Today marks the 92nd anniversary of Napoli’s official founding.
The city’s first club was founded in 1904 by English sailor William Poths, and was named Naples Foot-Ball & Cricket Club.
Divisions in the ranks led to the formation of a splinter club, Unione Sportiva Internazionale Napoli in 1912.
Initially both clubs competed against each other in the Campania section of the first Italian top flight, but thanks to the mediation of Emilio Reale the two halves came together again in 1926.
On August 1 of that year, Giorgio Ascarelli officially founded Associazione Calcio Napoli, and the club was affiliated with the Direttorio Divisioni Superiori two days later.
Both of the club’s first two seasons would have resulted in relegation to the second tier, but the FIGC opted to keep them in the top flight, in view of the experience and financial gap with the northern clubs.
Napoli competed in the first-ever unified Serie A, beating Milan in their first game.
Stadio San Paolo, where the Partenopei still play to this day, was opened in 1959 and a first major trophy followed three years later with a win over SPAL in the Coppa Italia final.
In 1964 the club changed its name to Società Sportiva Calcio Napoli, the moniker it bears to this day, and they fell just short of winning the Scudetto in 1968, finishing second behind Milan.
While the Vesuviani were performing well in Serie A and carried a passionate fanbase, it wasn’t until the arrival of Diego Armando Maradona in 1984.
The Argentine arrived for a record €12m, and inspired his side to the Scudetto in 1987.
El Diego came to define the most successful period in the club’s history, with Napoli also winning the 1987 Coppa Italia, the 1989 UEFA Cup and repeating their Scudetto feat in 1990.
To this day Maradona is revered in the city, his face adoring countless murals on the Neapolitan streets.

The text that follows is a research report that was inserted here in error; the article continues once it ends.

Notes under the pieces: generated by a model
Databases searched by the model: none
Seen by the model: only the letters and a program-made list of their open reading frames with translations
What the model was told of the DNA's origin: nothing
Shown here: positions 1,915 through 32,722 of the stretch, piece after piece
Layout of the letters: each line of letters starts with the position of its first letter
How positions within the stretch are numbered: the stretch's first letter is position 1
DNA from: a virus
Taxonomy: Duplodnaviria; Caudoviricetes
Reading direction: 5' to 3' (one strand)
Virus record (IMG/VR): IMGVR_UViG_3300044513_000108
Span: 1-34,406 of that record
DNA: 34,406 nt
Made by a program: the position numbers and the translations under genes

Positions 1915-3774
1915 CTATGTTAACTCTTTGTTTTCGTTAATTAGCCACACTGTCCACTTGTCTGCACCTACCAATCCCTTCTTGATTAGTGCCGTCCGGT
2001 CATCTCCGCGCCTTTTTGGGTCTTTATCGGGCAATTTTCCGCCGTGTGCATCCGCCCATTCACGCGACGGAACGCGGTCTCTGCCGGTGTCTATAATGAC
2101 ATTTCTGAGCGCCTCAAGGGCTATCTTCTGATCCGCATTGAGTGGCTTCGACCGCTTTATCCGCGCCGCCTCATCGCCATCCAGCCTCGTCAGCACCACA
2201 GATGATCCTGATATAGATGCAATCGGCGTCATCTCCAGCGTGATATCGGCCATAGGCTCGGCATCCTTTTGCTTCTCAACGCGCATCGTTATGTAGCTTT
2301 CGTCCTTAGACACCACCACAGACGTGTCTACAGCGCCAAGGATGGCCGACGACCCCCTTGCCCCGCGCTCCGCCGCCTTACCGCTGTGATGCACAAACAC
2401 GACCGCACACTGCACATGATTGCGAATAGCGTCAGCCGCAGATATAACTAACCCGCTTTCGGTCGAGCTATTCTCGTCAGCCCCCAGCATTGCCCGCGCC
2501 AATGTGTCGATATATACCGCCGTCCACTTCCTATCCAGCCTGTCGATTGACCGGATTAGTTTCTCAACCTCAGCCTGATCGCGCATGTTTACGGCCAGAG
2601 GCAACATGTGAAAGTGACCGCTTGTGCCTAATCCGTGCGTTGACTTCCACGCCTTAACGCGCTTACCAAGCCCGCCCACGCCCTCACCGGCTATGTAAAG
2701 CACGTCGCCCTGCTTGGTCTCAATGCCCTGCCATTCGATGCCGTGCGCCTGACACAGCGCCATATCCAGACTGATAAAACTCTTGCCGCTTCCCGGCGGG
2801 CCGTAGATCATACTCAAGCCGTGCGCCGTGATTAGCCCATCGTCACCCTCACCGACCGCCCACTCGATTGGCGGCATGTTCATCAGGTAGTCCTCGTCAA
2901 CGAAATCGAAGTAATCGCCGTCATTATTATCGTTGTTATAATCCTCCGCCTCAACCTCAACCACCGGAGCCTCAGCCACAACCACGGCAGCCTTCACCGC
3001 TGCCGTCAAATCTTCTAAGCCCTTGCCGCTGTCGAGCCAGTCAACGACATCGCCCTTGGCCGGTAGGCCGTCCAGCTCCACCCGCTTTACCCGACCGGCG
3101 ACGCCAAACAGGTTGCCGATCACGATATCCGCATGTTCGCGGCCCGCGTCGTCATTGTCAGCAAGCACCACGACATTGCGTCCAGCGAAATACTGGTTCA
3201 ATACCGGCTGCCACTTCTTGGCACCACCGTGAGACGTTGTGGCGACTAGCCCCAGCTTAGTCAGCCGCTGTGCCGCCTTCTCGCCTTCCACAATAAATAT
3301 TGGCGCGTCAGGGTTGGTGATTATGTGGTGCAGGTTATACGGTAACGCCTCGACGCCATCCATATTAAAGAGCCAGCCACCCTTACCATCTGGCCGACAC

After his departure, however, the Partenopei fell into financial peril and they were relegated in 1998 having won just three games all season.
While they won promotion in the 1999-2000 season, Napoli were immediately relegated and a failed attempt to reach the top flight again added €28m to their losses.
By 2004 the club had been declared bankrupt, with film producer Aurelio De Laurentiis refounding them as Napoli Soccer in Serie C1.
The fans stuck with the club though, with Napoli regularly drawing over 40,000 people to San Paolo.
Following promotion to Serie B in 2006, De Laurentiis bought back the rights to the club’s history, and they were promoted back to Serie A alongside Genoa and Juventus.
Napoli have competed in European competition in every season since then, qualifying for the Intertoto Cup in their first season back in the top division.
A fourth Coppa Italia was won in 2012, with the fifth following two years later under Rafa Benitez.
Recent seasons have seen Napoli competing for the Scudetto, and while they haven’t manage to repeat the feat Maradona inspired them to, Maurizio Sarri’s side set a record points total last season.
Carlo Ancelotti has replaced Sarri on the bench for this season, with the Partenopei once again dreaming of a first title since the heady days of El Diego.